Varicoceles are enlarged
varicose veins that occur in the
scrotum. They are fairly common, affecting 15 out of 100 men
overall and 40 out of 100 men with known
occur most often in the left
Varicocele repair is done
to improve male fertility. It can usually be done surgically on an outpatient basis using
local or general anesthetic. A small incision is made
in the abdomen close to where the testicles originally descended through the
abdominal wall. The veins that produce the varicocele are identified and cut to
eliminate blood flow to the varicocele.
nonsurgical procedure called percutaneous embolization
can be done to repair a varicocele. A small catheter is inserted through a
large vein in the groin or neck and advanced to the varicocele, which is then
blocked off by a balloon, coil, or medicine.
Varicocele repair typically is done on
an outpatient basis. You can expect to go home within 4 hours of a routine
varicocele surgery. Pain medicine is prescribed for a few days after
You should be able to resume light work duties 1 to 2
days after surgery and full strenuous activities within 1 week.
Varicoceles are thought to raise the
temperature of the testicles or cause blood to back up in the veins supplying
the testicles. Although the mechanism by which varicoceles affect fertility is
poorly understood, varicoceles seem to help damage or kill the sperm.1 Varicocele repair is typically done to improve the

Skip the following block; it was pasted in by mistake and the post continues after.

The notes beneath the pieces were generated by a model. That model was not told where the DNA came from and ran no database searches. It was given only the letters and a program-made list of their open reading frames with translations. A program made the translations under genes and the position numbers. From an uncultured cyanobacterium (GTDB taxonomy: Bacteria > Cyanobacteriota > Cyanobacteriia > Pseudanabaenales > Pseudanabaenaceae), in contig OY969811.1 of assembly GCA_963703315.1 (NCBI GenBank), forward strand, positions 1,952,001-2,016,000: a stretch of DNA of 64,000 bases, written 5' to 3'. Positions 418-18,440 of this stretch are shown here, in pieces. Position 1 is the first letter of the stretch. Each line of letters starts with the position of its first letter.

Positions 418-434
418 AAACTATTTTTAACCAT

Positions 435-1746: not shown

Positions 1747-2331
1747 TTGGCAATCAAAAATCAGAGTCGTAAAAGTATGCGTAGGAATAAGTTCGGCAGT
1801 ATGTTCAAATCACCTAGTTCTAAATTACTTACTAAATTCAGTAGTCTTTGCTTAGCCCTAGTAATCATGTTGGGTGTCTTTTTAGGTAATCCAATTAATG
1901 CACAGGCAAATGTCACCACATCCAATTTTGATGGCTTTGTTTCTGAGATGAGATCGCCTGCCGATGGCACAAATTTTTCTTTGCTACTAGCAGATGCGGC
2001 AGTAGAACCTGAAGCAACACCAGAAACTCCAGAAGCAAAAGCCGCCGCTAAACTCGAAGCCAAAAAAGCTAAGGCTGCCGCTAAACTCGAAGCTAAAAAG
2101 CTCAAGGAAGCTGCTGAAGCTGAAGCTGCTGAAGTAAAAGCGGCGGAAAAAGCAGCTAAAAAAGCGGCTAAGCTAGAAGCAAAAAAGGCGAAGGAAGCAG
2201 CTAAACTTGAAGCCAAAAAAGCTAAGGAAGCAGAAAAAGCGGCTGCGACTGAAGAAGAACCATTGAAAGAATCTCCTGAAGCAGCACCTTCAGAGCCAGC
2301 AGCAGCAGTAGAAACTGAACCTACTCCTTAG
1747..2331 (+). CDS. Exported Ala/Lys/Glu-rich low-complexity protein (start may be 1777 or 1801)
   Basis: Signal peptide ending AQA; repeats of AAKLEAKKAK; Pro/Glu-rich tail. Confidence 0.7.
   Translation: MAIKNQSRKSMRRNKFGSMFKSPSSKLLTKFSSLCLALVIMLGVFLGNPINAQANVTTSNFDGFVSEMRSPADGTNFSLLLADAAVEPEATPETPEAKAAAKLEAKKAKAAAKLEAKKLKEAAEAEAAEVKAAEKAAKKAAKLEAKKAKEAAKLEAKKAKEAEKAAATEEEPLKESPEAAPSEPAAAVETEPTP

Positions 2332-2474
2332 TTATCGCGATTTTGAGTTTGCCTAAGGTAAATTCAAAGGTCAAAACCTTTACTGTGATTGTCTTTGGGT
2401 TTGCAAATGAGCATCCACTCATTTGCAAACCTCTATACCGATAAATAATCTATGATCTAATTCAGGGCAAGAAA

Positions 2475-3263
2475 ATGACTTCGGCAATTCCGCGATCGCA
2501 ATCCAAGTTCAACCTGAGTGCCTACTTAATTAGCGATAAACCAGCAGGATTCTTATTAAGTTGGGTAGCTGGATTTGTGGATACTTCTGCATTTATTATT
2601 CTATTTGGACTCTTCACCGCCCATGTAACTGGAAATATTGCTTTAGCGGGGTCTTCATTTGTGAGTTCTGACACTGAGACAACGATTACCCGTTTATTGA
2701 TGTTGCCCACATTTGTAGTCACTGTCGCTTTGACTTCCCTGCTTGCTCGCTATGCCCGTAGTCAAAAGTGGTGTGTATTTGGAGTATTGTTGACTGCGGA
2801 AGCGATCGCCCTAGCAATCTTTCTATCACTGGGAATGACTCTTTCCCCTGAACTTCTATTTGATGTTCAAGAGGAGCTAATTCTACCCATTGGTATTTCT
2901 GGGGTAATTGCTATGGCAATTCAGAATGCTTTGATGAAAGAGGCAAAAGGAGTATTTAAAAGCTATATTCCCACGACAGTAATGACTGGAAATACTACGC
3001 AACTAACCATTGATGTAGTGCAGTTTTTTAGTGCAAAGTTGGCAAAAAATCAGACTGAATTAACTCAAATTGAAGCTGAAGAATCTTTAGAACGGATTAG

fertility of men who have both a varicocele and impaired sperm.
While some researchers have
observed that varicocele repair produces favorable pregnancy rates, others have
noted that these pregnancy rates are the same as the rates of couples who have
chosen not to have a varicocele repaired.2
There is no proof that fertility
rates improve after this surgery. But some doctors think that larger
varicoceles are linked to sperm problems. It is also possible that varicocele
surgery would improve the semen quality, making other fertility treatments
Small varicoceles that are only
ultrasound testing do not require repair.
Complete the surgery information form (PDF)(What is a PDF document?) to help you prepare for this surgery.
American Society for Reproductive Medicine (2008). Report on varicocele and infertility. Fertility and Sterility, 90(Suppl
Fritz MA, Speroff L (2011). Male infertility. In
Clinical Gynecologic Endocrinology and Infertility, 8th
ed., pp. 1249–1292. Philadelphia: Lippincott Williams and Wilkins.
December 7, 2011
Sarah Marshall, MD - Family Medicine
& Femi Olatunbosun, MB, FRCSC - Obstetrics and Gynecology
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